Falling global crude exports and inventories point to tightening supplies in January
Global crude supply is showing signs of tightness as total exports in January fell m-o-m by the largest amount since August 2023, while global onshore inventories continued to fall.
Total crude/condensate exports (excluding Iran and Venezuela) fell m-o-m by more than 700kbd in January, marking a steep decline after a brief uptick in December, driven partly by very high US exports. Exports would have fallen further still in January were it not for key producers Saudi Arabia and UAE posting m-o-m increases.
Key observations among top exporters:
- Saudi exports in January posted a first m-o-m rise (+350kbd) since October 2023, with most of the rise coming from higher Yanbu. Loadings from this Saudi Red Sea port allow tankers to avoid Bab el Mandeb and head to Western buyers via the Suez, or via SUMED pipeline by reload from Egypt’s Sidi Kerir.
- UAE’s higher exports in January (+280kbd) coincide with planned maintenance at Ruwais refinery.
- A sharp 420kbd drop exports from the US (including Canadian grades via PADD 3) was a function of extreme cold weather forcing production shut-ins during the month.
- Russian origin exports dropped 170kbd m-o-m, putting monthly totals at the lowest level since August 2023, but total loadings from Russian ports was supported by higher Kazakh origin exports (CPC Blend and KEBCO)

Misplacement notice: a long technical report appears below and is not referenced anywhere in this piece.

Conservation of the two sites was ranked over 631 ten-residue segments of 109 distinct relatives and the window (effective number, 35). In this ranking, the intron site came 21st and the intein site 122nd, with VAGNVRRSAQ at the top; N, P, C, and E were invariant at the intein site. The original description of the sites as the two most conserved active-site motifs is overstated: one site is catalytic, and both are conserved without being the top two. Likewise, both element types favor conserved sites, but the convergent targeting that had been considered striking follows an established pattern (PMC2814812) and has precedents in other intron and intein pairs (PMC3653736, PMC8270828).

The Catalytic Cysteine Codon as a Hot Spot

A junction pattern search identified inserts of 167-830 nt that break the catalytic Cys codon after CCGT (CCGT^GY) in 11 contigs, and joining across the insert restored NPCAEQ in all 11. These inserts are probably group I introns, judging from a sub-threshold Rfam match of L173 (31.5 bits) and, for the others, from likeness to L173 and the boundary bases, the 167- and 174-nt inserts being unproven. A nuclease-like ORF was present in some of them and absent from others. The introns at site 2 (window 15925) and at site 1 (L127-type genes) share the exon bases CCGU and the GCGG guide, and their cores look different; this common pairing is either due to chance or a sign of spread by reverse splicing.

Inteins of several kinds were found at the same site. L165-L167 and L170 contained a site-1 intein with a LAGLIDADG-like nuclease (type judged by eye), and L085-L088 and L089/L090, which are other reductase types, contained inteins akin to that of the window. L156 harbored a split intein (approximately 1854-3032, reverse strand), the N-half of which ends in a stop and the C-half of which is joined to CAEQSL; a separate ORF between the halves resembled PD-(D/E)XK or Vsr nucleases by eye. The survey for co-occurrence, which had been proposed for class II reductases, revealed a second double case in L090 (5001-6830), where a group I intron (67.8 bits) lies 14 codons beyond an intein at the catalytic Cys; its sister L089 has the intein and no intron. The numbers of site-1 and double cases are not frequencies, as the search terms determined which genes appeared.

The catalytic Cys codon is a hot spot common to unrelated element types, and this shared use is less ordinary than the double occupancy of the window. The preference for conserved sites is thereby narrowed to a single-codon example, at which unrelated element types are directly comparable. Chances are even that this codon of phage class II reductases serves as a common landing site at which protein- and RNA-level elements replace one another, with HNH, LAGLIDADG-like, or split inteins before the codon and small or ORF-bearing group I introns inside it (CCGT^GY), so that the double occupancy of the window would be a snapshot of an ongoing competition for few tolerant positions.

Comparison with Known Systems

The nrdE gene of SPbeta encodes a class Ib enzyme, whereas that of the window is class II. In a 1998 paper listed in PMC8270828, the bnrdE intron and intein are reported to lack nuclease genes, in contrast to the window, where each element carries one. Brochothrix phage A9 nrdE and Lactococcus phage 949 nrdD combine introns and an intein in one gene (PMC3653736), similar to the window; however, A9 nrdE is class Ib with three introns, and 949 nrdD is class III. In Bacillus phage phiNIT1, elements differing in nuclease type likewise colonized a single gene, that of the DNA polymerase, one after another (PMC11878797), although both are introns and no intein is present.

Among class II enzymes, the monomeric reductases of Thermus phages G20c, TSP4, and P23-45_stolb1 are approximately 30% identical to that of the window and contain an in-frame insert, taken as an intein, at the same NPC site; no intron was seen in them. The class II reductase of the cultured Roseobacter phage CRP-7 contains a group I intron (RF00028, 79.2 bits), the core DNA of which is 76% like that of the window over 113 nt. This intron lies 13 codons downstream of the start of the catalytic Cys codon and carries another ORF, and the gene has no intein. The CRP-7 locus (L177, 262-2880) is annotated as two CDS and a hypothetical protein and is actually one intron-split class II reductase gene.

- Other major non-OPEC+ producers Norway, Brazil and Mexico, also posted monthly declines in the range of 150-300kbd
Meanwhile the latest trends in global crude oil inventories shows significant drawing is still taking place. This suggest that wider macroeconomic concerns, and its impact on demand, is being outstripped by tighter prompt availability.
Global floating roof tank utilisation for storing crude started this year will below multi-year seasonal norms and has continued to decline through January. At latest reading, tank utilisation sits at less than 52% (end of January), a 6pp decline from the 8-year average.
One of the main contributions to this drop is a continued draw in China’s inventories. Weaker imports from the Atlantic Basin, along with high price sensitivity to Russian and Iranian crude has pushed Chinese refiners to draw upon (still) relatively high inventory levels, rather than raise imports. In fact at the current draw rate, China’s teapot refiners could continue destocking for the next 6 months and still be at the same levels of inventory as start-2023.
Looking ahead, given market expectations that OPEC+ production will remain constrained, the near-term outlook for crude prices could be more supportive than current sentiment suggests, even with strong signs of weakening global product demand.